Why You Need to be First, Not Better
Let me ask you a question: who was the first person to fly solo across that Atlantic Ocean?
If you answered Charles Lindbergh, you are correct. Even if you didn't know the answer, did you at least recognize the name? If you did, than you would probably associate his name with flying, right? What about Bert Hinkler?
Did you know he was the second person to fly across the Atlantic Ocean solo? If not, that's okay as I had to personally look that one up for myself. What about Amelia Earhart; have you ever heard of her?
She was actually the 3rd person who flew solo across the Atlantic, and I'm pretty sure you recognized her name immediately. So why do we recognize Lindbergh and Earhart, but not Hinkler? Simple, because they came first.
Amelia Earhart's publicist knew full well that she was the third person to leap the Atlantic behind two other outstanding pilots who had already eaten that gigantic cookie. However, Earhart's media team saw the genius in creating a separate category for Amelia to be first in.
The public saw this too. So where did Hinkler go wrong? Simple, he was doing the exact same thing somebody else had done, and had not created an entirely new category while doing it. So the lesson here is simple: if you can't be first in something, create a brand new category that you can be first in.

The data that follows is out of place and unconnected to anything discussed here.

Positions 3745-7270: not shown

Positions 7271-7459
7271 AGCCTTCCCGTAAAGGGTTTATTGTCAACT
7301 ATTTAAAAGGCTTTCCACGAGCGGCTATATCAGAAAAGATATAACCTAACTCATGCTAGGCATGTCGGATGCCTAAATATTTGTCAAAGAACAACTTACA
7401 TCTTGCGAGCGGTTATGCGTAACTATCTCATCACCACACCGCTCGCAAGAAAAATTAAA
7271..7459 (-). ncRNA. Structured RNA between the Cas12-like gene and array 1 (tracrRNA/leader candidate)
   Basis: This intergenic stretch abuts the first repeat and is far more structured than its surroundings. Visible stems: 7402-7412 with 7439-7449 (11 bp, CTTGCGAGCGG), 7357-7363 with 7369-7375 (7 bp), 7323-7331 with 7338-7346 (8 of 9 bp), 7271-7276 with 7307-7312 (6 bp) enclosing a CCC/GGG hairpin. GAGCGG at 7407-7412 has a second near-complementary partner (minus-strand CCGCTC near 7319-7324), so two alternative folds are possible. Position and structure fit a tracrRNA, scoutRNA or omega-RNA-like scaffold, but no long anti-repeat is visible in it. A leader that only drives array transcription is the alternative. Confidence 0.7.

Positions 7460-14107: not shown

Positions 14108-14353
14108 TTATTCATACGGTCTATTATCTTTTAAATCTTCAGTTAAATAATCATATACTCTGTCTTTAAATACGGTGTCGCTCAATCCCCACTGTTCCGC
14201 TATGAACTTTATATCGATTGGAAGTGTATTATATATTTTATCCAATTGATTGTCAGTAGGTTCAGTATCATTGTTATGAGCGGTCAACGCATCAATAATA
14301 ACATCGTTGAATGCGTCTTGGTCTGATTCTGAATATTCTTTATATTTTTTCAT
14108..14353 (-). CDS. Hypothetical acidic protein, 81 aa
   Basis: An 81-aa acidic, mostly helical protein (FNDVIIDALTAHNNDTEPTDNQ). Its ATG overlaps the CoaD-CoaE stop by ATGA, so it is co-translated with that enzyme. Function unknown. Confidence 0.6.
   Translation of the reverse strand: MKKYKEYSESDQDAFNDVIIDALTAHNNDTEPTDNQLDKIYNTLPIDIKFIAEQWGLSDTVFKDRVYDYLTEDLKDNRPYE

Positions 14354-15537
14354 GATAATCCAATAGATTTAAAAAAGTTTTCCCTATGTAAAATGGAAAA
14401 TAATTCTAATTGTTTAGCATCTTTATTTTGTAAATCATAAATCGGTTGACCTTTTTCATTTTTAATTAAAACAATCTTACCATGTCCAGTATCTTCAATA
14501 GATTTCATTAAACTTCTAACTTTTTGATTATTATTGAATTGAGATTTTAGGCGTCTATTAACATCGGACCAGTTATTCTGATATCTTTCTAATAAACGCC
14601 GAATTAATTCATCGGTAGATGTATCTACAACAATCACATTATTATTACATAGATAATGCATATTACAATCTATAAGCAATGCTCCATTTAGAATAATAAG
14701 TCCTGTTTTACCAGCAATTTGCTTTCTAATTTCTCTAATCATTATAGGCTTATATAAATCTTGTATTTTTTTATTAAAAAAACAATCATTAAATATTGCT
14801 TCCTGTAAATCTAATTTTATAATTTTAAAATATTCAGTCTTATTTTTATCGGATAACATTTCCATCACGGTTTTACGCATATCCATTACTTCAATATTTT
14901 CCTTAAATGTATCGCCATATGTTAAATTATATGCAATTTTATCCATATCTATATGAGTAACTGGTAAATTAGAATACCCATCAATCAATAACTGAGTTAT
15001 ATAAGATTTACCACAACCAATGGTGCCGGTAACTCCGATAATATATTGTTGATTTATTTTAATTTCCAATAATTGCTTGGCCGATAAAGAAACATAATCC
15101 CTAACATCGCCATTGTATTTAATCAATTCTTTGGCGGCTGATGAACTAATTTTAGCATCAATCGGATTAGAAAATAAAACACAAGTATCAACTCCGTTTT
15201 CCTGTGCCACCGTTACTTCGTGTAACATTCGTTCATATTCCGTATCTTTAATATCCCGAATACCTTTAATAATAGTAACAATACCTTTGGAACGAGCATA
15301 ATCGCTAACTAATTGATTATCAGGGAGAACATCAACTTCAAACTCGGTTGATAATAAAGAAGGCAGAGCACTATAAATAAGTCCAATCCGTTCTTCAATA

Charles Schwab did not open a better brokerage firm. Rather, he opened the first discount brokerage firm. Basically people are mostly only interested in what is new while mentally discarding what may be better. Strange, but marketing guys like me must deal with realism, and not rationalistic idealism.
Opening up a completely new category that you can be first in will not only help you to occupy new unexplored mind-space of your market niche, but also put you in a formidable market position to exploit the weaknesses of your competitors' game.
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